BICA_2017_paper_136.pdf Human-like Emotional Responses in a Simplified Independent Core Observer Model System

Most artificial general intelligence (AGI) system developers have been focused upon intelligence (the ability to achieve goals, perform tasks or solve problems) rather than motivation (*why* the system does what it does). As a result, most AGIs have an unhuman-like, and arguably dangerous, top-down hierarchical goal structure as the sole driver of their choices and actions. On the other hand, the independent core observer model (ICOM) was specifically designed to have a human-like “emotional” motivational system. We report here on the most recent versions of and experiments upon our latest ICOM -based systems. We have moved from a partial implementation of the abstruse and overly complex Wilcox model of emotions to a more complete implementation of the simpler Plutchik model. We have seen responses that, at first glance, were surprising and seemingly illogical – but which mirror human responses and which make total sense when considered more fully in the context of surviving in the real world. For example, in “isolation studies”, we find that any input, even pain, is preferred over having no input at all. We believe that the fact that the system generates such unexpected but “humanlike” behavior to be a very good sign that we are successfully capturing the essence of the only known operational motivational system. Living Together: Mind and Machine Intelligence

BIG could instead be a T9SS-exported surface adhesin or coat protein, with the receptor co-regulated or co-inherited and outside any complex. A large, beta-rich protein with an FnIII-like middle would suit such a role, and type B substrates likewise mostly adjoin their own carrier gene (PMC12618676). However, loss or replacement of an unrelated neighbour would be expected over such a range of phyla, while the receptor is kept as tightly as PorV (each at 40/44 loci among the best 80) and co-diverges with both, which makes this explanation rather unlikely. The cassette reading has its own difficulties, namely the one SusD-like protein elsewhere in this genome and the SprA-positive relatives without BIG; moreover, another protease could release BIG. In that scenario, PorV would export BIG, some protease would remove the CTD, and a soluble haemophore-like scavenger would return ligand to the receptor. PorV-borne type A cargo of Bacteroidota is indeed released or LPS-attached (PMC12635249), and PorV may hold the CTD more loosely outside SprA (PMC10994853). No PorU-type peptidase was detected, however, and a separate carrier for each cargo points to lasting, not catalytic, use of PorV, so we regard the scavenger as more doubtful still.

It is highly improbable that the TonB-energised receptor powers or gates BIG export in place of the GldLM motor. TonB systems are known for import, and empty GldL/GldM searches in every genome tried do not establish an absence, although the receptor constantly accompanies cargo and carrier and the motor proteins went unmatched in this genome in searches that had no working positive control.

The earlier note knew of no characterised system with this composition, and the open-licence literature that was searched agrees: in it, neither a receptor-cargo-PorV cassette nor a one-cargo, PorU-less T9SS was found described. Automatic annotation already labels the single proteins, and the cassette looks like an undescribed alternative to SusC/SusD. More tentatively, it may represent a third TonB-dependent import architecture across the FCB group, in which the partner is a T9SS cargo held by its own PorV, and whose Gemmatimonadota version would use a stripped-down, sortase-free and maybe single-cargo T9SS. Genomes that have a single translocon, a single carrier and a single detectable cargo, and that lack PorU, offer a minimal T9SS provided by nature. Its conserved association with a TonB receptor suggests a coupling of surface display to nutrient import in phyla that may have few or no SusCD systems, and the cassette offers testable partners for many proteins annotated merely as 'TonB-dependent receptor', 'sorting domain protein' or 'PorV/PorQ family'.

In this paper we consider the nature of the machine intelligences we have created in the context of our human intelligence. We suggest that the fundamental difference between human and machine intelligence comes down to \emph{embodiment factors}. We define embodiment factors as the ratio between an entity's ability to communicate information vs compute information. We speculate on the role of embodiment factors in driving our own intelligence and consciousness. We briefly review dual process models of cognition and cast machine intelligence within that framework, characterising it as a dominant System Zero, which can drive behaviour through interfacing with us subconsciously. Driven by concerns about the consequence of such a system we suggest prophylactic courses of action that could be considered. Our main conclusion is that it is \emph{not} sentient intelligence we should fear but \emph{non-sentient} intelligence. How Artificial Intelligence Can Inform Neuroscience: A Recipe for Conscious Machines? Cognitive Machine Learning (2): Uncertain Thoughts